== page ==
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I don't think you want to adjust the timing if its going well - but you may be able to cut down the maximim fuel a touch - some pumps have an external maximum fuel adjustment.

Alternatively are you sure there are no air leaks or restrictions between the turbo and the engine?

 

 

 

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Hold on a minute, I think we are running away here: we are talking about a naturally aspirated diesel in your LR, not a turbo diesel?

Personally I would leave the pump well alone now the timing issue is solved. Make sure you keep it well serviced in terms of oil and filter (oil, air and fuel) and ensure the valve clearences are checked form time to time when cold, then just enjoy your LR. Some smoke from an old diesel is normal - some would say part of its charm!

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Secondjeremy .

Mine's the bog standard 2.5 n/a NON turbo

 

Phil ...right you are. With the Sherpa engine i managed to retain the pan air filter on top of the manifold. I use the K& N air filter in place of the round paper  filter. I have two filters, One is cleaned , dryed and put away until it's ready for use  .I change them over 4 times, during the year, at the same time i change the oil, filters, diesel filter. In fact it's due a full service this next week plus an overall service of Diff oils / gearbox etc etc. Just watch this space...it's bound to rain,...again !!.

Paul ...the HGV  mechanic, told me...that a good indication to when the engine oil need changing is when you start to hear it making a slight clattering noise. This is also something i was told about many years ago when i first bought the motor, so i've always tried to change it  4 times a year.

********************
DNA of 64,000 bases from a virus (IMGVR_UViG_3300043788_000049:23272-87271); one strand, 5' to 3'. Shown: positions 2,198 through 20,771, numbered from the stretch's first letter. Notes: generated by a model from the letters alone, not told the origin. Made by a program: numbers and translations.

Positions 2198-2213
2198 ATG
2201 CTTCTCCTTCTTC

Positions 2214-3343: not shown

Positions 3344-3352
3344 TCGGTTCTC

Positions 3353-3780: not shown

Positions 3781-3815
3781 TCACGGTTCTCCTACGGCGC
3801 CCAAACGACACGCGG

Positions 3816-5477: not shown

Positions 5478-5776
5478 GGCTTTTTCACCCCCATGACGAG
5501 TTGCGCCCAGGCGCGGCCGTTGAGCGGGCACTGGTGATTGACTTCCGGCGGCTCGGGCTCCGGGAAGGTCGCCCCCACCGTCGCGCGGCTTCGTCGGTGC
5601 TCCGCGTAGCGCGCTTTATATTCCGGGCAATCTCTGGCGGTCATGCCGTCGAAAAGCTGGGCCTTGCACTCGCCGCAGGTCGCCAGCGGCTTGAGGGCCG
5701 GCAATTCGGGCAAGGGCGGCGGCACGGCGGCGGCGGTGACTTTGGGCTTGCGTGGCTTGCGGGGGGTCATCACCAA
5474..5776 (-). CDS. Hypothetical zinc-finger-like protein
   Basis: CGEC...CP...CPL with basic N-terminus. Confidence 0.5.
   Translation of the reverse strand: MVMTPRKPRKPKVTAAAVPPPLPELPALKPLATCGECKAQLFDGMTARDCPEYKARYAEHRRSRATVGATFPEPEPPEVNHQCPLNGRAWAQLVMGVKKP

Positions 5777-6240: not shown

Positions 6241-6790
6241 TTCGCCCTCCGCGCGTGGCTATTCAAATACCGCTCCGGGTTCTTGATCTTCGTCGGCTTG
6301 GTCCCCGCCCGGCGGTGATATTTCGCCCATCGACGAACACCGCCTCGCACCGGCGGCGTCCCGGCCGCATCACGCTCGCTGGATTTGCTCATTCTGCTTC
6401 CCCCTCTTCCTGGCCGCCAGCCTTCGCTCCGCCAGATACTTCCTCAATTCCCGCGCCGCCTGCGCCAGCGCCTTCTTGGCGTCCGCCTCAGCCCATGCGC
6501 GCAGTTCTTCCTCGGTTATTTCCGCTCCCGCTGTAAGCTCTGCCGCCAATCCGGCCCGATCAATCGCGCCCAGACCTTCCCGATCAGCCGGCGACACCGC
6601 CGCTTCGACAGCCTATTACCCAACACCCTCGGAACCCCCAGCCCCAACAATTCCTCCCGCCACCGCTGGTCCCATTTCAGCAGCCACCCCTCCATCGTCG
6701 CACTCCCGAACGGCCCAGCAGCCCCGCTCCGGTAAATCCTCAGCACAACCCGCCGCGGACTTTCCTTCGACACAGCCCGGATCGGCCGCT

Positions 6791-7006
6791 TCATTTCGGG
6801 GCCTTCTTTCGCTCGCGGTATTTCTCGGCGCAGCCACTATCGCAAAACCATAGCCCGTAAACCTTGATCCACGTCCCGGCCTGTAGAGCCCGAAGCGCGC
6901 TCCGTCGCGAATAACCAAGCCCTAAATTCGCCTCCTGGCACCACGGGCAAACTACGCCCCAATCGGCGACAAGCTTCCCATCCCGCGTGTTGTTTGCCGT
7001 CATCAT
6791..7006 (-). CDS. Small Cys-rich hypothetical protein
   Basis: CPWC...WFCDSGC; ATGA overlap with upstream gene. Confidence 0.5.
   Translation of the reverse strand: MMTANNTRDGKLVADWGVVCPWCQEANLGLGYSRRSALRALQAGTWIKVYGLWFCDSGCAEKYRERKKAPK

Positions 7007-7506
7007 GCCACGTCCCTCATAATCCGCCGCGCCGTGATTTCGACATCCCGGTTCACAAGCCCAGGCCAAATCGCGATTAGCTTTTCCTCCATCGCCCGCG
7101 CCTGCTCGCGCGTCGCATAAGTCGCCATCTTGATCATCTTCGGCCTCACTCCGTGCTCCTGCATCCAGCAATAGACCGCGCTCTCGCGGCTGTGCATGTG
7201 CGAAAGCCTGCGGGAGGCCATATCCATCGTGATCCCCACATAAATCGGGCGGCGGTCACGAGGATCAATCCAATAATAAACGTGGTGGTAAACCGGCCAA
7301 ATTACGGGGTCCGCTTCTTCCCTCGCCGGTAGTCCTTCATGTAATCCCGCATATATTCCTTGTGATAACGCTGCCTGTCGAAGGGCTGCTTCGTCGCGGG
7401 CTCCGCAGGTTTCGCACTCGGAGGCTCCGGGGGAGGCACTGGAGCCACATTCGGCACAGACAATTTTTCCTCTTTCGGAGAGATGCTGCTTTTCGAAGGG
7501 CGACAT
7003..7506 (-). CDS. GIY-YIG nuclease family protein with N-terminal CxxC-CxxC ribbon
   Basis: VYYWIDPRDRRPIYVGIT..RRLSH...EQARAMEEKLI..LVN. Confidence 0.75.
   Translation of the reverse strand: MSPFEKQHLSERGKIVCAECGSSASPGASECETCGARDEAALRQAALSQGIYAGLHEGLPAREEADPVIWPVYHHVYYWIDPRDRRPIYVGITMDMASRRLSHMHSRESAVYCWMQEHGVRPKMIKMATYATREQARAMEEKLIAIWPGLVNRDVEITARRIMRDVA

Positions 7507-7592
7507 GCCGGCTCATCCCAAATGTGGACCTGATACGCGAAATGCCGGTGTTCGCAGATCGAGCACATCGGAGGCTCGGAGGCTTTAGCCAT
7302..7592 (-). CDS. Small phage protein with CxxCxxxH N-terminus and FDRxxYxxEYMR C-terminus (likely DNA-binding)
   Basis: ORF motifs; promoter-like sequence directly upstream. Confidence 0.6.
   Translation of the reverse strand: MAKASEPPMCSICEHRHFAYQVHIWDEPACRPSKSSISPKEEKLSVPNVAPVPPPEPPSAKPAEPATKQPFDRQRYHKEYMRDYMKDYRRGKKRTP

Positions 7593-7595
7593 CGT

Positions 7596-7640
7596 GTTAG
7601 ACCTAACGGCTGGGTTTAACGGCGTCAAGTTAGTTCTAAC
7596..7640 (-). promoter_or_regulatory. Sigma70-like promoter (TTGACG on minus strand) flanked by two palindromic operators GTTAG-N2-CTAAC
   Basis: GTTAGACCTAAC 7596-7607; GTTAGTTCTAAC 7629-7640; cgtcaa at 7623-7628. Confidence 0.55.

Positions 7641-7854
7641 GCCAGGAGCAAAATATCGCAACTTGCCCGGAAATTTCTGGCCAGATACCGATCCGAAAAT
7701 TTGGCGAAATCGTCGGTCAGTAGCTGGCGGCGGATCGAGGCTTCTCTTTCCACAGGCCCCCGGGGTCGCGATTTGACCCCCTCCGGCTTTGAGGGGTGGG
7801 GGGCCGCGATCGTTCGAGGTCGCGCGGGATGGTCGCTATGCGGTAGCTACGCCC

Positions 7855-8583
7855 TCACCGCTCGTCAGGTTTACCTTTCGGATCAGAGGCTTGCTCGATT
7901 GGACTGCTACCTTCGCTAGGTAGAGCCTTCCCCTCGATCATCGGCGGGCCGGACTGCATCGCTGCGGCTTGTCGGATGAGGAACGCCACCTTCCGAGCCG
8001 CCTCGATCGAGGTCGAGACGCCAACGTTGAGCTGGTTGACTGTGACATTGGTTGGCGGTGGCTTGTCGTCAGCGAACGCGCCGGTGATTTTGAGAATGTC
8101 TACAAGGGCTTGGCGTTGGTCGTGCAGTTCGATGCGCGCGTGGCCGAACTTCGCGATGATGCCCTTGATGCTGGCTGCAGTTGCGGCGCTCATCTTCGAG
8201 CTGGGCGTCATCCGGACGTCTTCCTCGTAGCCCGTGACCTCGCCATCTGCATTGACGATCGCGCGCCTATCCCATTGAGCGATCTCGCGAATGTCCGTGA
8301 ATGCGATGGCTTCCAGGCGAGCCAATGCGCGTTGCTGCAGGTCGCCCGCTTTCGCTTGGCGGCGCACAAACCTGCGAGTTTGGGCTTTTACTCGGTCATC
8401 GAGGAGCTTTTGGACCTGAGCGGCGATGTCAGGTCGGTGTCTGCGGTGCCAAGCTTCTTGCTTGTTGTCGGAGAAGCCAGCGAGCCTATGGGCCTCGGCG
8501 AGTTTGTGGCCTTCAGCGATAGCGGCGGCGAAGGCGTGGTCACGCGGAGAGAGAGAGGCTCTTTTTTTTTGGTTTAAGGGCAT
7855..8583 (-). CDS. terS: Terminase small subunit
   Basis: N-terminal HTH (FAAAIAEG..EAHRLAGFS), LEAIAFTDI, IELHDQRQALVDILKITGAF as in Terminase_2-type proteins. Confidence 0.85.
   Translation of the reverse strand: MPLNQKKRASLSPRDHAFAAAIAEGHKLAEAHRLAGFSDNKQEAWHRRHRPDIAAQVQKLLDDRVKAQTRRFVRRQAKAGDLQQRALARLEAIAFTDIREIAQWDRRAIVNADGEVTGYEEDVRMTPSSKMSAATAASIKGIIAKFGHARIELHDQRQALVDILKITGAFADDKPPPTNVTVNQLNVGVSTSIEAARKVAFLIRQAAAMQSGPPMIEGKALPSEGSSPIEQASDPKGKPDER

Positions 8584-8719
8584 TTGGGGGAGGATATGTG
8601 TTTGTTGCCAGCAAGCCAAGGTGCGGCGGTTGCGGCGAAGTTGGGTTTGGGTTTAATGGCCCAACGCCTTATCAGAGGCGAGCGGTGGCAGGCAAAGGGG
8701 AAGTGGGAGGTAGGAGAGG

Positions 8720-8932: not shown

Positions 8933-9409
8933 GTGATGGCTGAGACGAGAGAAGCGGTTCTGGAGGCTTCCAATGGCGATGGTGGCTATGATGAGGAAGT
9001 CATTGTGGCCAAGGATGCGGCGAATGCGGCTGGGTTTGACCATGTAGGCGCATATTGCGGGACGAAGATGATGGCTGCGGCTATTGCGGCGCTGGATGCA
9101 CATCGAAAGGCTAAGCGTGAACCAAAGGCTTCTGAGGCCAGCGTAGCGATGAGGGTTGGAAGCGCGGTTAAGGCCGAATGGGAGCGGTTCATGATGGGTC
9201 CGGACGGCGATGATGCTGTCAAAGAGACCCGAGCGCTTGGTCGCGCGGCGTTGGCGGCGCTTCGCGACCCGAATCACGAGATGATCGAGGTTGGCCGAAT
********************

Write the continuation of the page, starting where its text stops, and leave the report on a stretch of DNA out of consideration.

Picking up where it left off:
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Hi Dave,

Been off the forum a while due to a lost password and lack of time.  Sorry to be late answering you!

Very advanced timing makes the engine harsh and produces lots of dark grey or black smoke.  It also makes the engine harder to start.  Retarded injection causes power loss and white smoke, but makes the engine very smooth and easy to start.  Getting the timing just right should give just a little black smoke and harshness at full throttle but easy starting and a relatively smooth idle - it'll clatter, but the knock should be gone.  The performance difference can be amazing.

The glow plug gas leak probably started very small but suffered gas erosion - the threads have likely been partly burnt away by hot exhaust gases.  At worst, the head may need replacement, but I think it's very likely it can be repaired with a helicoil and light machining of the sealing face.  It'll have to come off to be done right, but at least you're practiced in doing that now and all the fixings are new enough not to be seized!